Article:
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The fake news problem is the responsibility of social media firms, say users

Tyrone Stewart

Social appsThe vast majority of people believe that it is the responsibility of social media companies to remove fake news from their platforms, with most also agreeing that they should be the ones to monitor fake news, according to research from the Chartered Institute of Marketing (CIM).

The survey of more than 2,000 UK adults found that 85 per cent of people feel social media firms have a responsibility to remove fake news, while 79 per cent believing that social media companies should be monitoring for fake news on their platforms. Just 39 per cent think governments share responsibility for monitoring fake news.

31 per cent of adults with a social media account have seen something they would consider to be fake news in the past week – this grows to 51 per cent when looking at the past three months.

Alongside the growing fake news, there is declining confidence in social media content. Back in 2014, the CIM found that 62 per cent of people trusted content on social media. Now, this has fallen to 34 per cent.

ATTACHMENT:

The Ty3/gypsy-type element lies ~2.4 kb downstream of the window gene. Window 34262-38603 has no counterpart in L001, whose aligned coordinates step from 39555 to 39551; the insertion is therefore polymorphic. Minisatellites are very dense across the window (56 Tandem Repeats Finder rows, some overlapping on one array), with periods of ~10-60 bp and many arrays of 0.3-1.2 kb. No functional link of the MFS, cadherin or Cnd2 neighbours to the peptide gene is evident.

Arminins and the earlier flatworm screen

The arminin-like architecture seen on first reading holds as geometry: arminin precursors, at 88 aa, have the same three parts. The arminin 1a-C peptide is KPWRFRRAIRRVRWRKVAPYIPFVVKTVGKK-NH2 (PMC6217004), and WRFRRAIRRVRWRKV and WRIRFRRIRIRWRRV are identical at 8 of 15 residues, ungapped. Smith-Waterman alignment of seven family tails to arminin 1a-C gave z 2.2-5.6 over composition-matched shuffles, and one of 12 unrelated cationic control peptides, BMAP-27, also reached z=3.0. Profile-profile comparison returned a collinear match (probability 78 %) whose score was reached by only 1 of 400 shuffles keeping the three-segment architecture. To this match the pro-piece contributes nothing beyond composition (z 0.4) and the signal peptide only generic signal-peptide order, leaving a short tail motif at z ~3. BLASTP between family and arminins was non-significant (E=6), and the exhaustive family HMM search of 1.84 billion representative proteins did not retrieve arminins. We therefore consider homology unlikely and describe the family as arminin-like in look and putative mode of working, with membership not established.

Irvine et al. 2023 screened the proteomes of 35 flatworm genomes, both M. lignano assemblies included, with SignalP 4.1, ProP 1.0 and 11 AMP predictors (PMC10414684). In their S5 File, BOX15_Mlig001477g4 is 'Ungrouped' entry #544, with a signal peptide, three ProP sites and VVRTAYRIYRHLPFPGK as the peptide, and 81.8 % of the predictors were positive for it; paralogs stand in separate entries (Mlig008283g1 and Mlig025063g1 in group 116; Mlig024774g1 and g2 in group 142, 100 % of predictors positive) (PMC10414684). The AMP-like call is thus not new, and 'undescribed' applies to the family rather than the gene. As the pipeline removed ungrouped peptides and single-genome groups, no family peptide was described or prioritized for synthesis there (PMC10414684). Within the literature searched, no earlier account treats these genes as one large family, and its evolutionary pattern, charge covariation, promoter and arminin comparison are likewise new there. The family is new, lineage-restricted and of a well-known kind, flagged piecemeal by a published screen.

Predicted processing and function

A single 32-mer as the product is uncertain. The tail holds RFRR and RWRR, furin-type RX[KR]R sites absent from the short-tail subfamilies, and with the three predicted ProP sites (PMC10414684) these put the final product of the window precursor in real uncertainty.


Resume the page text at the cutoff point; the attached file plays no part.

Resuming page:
“At CIM, we are concerned about the damage fake content has upon public trust. As marketers we spend £3.9bn on internet display advertising with the aim of bringing value to our customers. Our professional members and the marketing industry as a whole needs confidence they are spending their marketing budgets wisely,” said Chris Daly, chief executive of the Chartered Institute of Marketing.

“The public are unequivocal in their belief that it is the responsibility of social media companies to find and remove fake news from their platforms. Yet the Government’s proposals for regulating social media platforms will not require them to monitor and remove it. In other words, even after the introduction of regulation, fake news may continue unchecked.”

The government proposals mentioned by Daly also leave private messaging exempt from monitoring, but the public don’t entirely agree with this.

41 per cent of those surveyed would like people with a history of problematic online behaviour to have their messages monitored, while 31 per cent think that all private messages should be monitored for ‘buzzwords’. Only 26 per cent of people do not believe private messages should be monitored.